Effective data redaction is an essential component of achieving compliance with data protection and business intelligence practices. While document authors, along with online users, may be responsible for ensuring that the correct information is shared, it is a company’s job to comply with local laws and regulations as they dictate how sensitive content is handled. To avoid violating these guidelines, it’s essential to match the level of protection that a document requires with the appropriate tools, such as Data Masking or Document Redaction.
“Document redaction, otherwise known as document sanitizing, is the process of blacking out or removing any sensitive information from a document so it can be used and distributed, but still protect confidential information too” [Record Nations, Document Redaction: What It Is, How It Works, and When to Use It]. Document/data redaction is a critical practice for any organization that needs to protect sensitive information, such as financial data, personal information, intellectual property, or classified information. The process of data redaction can either be performed manually or electronically using software that will black out or remove the text (both methods will be introduced in the coming parts of this article).
By performing proper data redaction and other data safety protocols, an organization not only show its cares about its customers’ personal data and privacy, but it also saves companies a lot of hassle by completely eliminating the chances of malicious data breaches. So what exactly is a data breach, and how much can such a malicious action cost companies?
Data breaches happen when the encrypted data on a computer becomes available to an unauthorized party. This could happen due to unintentional or intentional actions by employees, contractors, or other people with access to company resources. In many cases, these actions are legal if they are performed with good intentions (for example, an employee accidentally sharing documents with someone). In other instances, they may constitute illegal activities that violate privacy laws or other regulations.
There are three main types of data breaches:
- Accidental: This happens when someone accidentally loses control over their information. For example, if you lose your laptop or smartphone, the information on it could be accessed by whoever finds it.
- Unintentional: This happens when an employee unintentionally exposes sensitive information via email, social media, etc.
- Malicious: This happens when a hacker gains access to sensitive information for malicious purposes, like identity theft or financial gain.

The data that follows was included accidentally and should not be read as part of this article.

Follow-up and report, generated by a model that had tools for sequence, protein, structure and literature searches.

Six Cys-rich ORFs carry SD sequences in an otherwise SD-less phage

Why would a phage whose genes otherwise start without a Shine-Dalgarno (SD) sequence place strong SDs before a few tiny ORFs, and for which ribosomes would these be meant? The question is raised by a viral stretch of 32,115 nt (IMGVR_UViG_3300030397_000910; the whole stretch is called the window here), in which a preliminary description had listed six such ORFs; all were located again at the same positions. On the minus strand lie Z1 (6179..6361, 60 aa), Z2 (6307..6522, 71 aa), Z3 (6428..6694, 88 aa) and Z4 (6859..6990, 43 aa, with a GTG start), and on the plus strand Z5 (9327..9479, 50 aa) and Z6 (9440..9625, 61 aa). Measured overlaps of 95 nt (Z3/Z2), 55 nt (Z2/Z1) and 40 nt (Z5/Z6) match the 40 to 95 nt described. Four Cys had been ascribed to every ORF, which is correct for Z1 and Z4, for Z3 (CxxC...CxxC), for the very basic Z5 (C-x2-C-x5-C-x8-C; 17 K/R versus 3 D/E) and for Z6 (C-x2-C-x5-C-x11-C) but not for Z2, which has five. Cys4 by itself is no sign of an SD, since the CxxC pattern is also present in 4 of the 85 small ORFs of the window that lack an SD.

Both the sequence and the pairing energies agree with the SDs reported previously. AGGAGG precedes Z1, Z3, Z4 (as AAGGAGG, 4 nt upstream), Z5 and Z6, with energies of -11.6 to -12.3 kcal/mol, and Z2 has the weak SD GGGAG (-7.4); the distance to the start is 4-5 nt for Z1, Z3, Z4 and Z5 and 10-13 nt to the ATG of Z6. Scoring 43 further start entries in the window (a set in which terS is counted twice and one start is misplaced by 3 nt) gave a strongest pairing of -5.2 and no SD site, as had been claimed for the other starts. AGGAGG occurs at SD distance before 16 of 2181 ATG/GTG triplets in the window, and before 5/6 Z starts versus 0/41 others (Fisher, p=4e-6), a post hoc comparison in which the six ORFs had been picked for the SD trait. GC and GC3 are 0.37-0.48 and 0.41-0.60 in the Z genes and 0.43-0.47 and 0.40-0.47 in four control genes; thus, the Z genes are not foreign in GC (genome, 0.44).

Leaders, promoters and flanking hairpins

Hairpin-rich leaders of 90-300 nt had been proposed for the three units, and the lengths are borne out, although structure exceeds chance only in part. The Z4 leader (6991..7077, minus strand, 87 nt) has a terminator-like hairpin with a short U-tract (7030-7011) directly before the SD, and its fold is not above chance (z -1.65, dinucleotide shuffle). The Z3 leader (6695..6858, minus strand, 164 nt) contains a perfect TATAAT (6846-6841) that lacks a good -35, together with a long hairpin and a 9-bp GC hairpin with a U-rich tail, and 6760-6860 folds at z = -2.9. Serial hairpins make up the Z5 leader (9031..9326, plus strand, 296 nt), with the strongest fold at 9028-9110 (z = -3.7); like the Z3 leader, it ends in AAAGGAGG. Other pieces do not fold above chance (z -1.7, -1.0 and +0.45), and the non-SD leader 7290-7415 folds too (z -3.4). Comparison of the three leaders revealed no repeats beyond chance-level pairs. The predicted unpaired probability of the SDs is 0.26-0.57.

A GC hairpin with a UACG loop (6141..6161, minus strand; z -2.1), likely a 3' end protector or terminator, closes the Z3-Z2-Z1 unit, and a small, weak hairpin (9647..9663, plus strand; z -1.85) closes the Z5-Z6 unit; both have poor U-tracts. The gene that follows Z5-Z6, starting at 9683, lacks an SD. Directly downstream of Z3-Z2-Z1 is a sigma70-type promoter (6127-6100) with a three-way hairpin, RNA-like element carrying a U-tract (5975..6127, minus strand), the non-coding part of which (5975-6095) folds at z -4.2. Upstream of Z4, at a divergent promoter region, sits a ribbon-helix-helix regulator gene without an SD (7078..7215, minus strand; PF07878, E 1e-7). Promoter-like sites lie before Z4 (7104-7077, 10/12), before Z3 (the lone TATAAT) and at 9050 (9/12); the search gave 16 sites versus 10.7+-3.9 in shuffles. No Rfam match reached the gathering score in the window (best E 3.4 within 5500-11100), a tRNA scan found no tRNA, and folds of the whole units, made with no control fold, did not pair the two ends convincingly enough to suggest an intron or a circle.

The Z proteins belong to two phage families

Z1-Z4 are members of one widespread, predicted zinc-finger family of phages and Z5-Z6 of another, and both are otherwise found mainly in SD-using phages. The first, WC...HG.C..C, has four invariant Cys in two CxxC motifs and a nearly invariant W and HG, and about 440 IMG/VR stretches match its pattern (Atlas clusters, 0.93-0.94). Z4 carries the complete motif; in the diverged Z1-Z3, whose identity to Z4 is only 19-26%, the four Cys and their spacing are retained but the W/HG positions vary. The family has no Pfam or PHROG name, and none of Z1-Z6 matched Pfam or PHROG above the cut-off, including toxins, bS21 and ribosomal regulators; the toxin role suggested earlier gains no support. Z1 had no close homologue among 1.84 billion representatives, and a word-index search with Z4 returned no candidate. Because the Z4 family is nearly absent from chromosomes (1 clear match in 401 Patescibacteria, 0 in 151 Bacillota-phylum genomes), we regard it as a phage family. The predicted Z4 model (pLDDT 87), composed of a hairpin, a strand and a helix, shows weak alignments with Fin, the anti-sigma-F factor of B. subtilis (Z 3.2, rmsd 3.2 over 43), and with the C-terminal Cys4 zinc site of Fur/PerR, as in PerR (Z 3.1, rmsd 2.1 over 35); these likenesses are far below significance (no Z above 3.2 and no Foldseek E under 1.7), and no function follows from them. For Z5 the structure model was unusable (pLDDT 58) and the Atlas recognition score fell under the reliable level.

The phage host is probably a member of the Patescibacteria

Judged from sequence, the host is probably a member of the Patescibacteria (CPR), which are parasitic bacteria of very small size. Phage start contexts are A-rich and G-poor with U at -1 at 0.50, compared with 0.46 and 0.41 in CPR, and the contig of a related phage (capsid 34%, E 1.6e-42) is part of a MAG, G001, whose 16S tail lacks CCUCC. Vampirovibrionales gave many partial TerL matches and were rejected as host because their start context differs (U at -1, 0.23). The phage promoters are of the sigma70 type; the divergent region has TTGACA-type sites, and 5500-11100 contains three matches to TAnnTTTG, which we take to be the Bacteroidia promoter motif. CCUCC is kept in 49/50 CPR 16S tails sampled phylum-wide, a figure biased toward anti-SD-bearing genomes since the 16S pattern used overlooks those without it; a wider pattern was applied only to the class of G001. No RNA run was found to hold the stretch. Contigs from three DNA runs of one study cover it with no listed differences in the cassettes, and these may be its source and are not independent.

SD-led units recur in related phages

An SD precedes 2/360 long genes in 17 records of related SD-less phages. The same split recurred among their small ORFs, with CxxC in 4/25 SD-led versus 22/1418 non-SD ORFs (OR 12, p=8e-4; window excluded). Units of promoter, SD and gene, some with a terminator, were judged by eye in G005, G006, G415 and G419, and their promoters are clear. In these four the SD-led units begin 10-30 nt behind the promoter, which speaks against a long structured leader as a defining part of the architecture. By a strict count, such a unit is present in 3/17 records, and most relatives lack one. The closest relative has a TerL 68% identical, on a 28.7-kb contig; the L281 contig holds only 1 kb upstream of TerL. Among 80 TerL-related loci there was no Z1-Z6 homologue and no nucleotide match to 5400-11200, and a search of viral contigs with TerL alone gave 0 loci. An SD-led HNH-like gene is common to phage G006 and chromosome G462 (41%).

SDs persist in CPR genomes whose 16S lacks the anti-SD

One common way that data breaches occur is through the use of malware. This is software that is designed to gain unauthorized access to a computer or network, and it can be delivered in many ways, such as through email attachments, malicious websites, or infected software downloads. Once the malware has been installed on a computer or network, it can be used to steal login credentials, track keystrokes, or take screenshots of the user’s electronic devices.
Phishing is another common tactic used to gain access to sensitive information. This is a type of social engineering attack in which a hacker sends an email or message that appears to be from a legitimate source (such as a bank, government agency, or well-known company) and asks the recipient to provide sensitive information, such as a password or Social Security number.
Both Malware and phishing attacks fall under the malicious type.
That being said, data breaches are becoming more common and are a severe threat to all businesses. According to the Identity Theft Resource Center, there were 1,093 reported breaches in 2016, affecting millions of customers’ records. Resulting in a steep increase of 40% from the original 780 reported breaches in the year 2015.
The number of breaches may seem high, and it is! But there are many more that go unreported and therefore do not appear in any public databases. While the number of reported breaches is increasing each year, so too is the amount of personal information that we share online with our friends, family, and co-workers through social media sites like Facebook and Instagram.
With that said, nowadays, many firms have found themselves the victims of cyber attacks or even data leakages of employees’ information that can be potentially exploited by hackers. In order to keep these things from happening, there are several steps an organization can take, on top of them is data/document redaction.
Documents may need to be redacted for a variety of reasons, including:
- Legal compliance: Some documents may contain sensitive information that is protected by laws and regulations, such as personal identification numbers, credit card numbers, and other types of confidential data. Redacting this information can help organizations comply with laws and regulations that protect the privacy of individuals.
- Data sharing: Organizations may need to share documents with third parties, such as partners, vendors, or government agencies. However, these documents may contain sensitive information that should not be shared. Redacting this information can help organizations protect sensitive information while still allowing them to share documents.
- Research and analysis: Research organizations may need to analyze large datasets of documents, such as social media posts or news articles. However, these datasets may contain sensitive information that should not be shared with researchers. Redacting this information can help organizations protect sensitive information while still allowing researchers to analyze the data.
In general, redacting sensitive information from documents can assist companies in safeguarding individual privacy, adhering to legal requirements, safely sharing documents, and also safeguarding their own interests by preventing data breaches and information leaks.